Creating a minimal Docker image with Glassfish

docker-logoI have been using Docker to run Glassfish in a container and I noticed some news about using Alpine Linux.Apparently, you create much smaller containers with Alpine Linux. This article from Atlassian (https://developer.atlassian.com/blog/2015/08/minimal-java-docker-containers/) mentioned a minimal base image with OpenJDK.

Since I prefer to use the Oracle JDK with Glassfish 4.1, I ran a few tests myself to compare a phusion baseimage with Alpine Linux.

My Phusion based container produced an image 1130 MB large, while the Alpine Linux based image was only 392 MB. To produce a working application, I used the Primefaces showcase WAR.

I am surprised about the size differences, see the resulting images:

Phusion baseimage + Java 8 + Glassfish 4.1

phusion/baseimage         305 MB
ubuntu-oracle-jdk8        892 MB
koert/glassfish-4.1       1130 MB
koert/glassfish-showcase  1156 MB

Alpine Linux + Java 8 + Glassfish 4.1

frolvlad/alpine-oraclejdk8       170.8 MB
koert/alpine-glassfish-4.1       391.8 MB
koert/alpine-glassfish-showcase  417.8 MB

My examples at Github

 

Web application development with Docker and Glassfish

Although Docker is often used to deploy/run applications in a defined environment, you can also use Docker in your development environment. To make this productive, you need an easy way to deploy and debug your web application. In the Glassfish image (see https://github.com/koert/docker-glassfish) I can add deploy a web application and hook into the file system.

Glassfish provides an autodeploy directory – just copy a war or ear file to this directory and Glassfish will deploy this automatically. You can mount this directory to your host with the -v option:

docker run ... -v ~/tmp/glassfish/deploy:/opt/glassfish4/glassfish/domains/domain1/autodeploy ...

To view the logs directory you can add this:

docker run ... -v ~/tmp/glassfish/logs:/opt/glassfish4/glassfish/domains/domain1/logs ...

I cloned a copy of the Spring petclinic application (https://github.com/koert/spring-petclinic) to setup my development environment. Curiously, I needed to add “implements Serializable” to BaseEntity, to make it work on Glassfish 4.1. Normally, the petclinic application creates its own datasource, not a JEE datasource. I changed the configuration to use the Glassfish datasource.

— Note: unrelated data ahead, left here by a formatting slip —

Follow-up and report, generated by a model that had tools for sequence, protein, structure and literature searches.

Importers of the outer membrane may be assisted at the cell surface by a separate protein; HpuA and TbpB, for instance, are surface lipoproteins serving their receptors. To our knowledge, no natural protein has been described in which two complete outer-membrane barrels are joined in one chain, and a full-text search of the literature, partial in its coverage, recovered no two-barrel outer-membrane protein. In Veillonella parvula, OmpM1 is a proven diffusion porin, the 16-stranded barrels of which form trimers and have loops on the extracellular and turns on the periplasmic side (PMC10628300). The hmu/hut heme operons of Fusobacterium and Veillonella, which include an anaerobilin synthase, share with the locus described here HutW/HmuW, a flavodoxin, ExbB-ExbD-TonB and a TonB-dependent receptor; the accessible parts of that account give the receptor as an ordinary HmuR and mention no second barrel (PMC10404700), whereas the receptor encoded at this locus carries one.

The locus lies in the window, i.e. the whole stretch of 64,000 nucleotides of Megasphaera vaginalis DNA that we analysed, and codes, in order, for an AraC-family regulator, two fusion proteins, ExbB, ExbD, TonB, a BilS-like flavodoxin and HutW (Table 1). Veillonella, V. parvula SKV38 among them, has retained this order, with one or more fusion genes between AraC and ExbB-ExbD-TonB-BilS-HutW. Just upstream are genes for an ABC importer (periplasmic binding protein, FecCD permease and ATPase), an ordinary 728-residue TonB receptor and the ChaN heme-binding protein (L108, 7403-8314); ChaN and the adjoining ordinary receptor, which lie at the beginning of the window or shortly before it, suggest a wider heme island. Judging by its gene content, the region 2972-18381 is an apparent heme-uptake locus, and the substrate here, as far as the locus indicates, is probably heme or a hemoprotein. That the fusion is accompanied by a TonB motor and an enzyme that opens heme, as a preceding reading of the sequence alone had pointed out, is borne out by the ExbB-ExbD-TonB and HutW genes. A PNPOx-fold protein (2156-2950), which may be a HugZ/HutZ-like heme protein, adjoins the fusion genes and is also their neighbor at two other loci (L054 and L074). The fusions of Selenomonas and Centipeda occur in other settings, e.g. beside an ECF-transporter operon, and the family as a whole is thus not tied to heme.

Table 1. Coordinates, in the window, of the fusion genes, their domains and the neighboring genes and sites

The Glassfish server now needs a datasource configuration, including the database driver implementation for hsqldb. By adding the jar to /opt/app/extlib, the driver is copied to the Glassfish lib directory – this makes it available for datasources.

The configure-glassfish.sh (in /opt/app/bin) script creates the necessary datasource:

asadmin create-jdbc-connection-pool --restype=javax.sql.DataSource --datasourceclassname=org.hsqldb.jdbc.JDBCDataSource \
 --property "user=sa:password=sa:url=jdbc\:hsqldb\:hsql\:mem\:petclinic" \
 PetClinicPool
asadmin create-jdbc-resource --connectionpoolid PetClinicPool jdbc/petclinic

In the Dockerfile I add the hsqldb jar and the configure script:

ADD hsqldb-2.3.2.jar /opt/app/extlib/hsqldb-2.3.2.jar
ADD configure-glassfish.sh /opt/app/bin/configure-glassfish.sh

After building the Docker image, you can run Glassfish with the necessary configuration:

docker run --rm -it -v ~/tmp/glassfish/deploy:/opt/glassfish4/glassfish/domains/domain1/autodeploy \
 -v ~/tmp/glassfish/logs:/opt/glassfish4/glassfish/domains/domain1/logs \
 -p 4848:4848 -p 8080:8080 -p 9009:9009 \
 -e DEBUG="true" koert/glassfish-showcase

The “–rm” option instructs Docker not to keep the state of the started container, so you can start the image fresh every time. The “-it” option keeps the container running in the foreground – you can stop it with Ctrl-C.

While this is running, you can deploy your web application by copying its war or ear file to the ~/tmp/glassfish/deploy directory. You can debug the application by letting your IDE connect to port 9009.

This way you have a consist development environment with a well defined state.

Packaging a webapp with Docker and Glassfish

As I wrote in a previous article, you can run Glassfish in a Docker container.

The purpose of Docker is to package everything into a container so that you can run your application anywhere in a consistent state. To achieve this with a web application and Glassfish, you package the Java virtual machine (JDK 8), Glassfish 4.1 and your web application together.

I created an example of using my base Glassfish image with the Primefaces showcase war file:

FROM koert/glassfish-4.1
MAINTAINER Koert Zeilstra <koert.zeilstra@zencode.nl>

RUN wget http://repository.primefaces.org/org/primefaces/showcase/5.2/showcase-5.2.war -O /opt/app/deploy/showcase.war

This will download the war file and put it into the /opt/app/deploy directory – the startup script will copy this file into the Glassfish autodeploy directory. When Glassfish starts up, it will automatically deploy the war and you can access the applciation after starting with:

docker run -d -p 8080:8080 koert/glassfish-showcase

On my laptop it starts up in about 12 seconds, you can look at the application in your browser: http://localhost:8080/showcase

Look at my example on Github: https://github.com/koert/docker-glassfish-showcase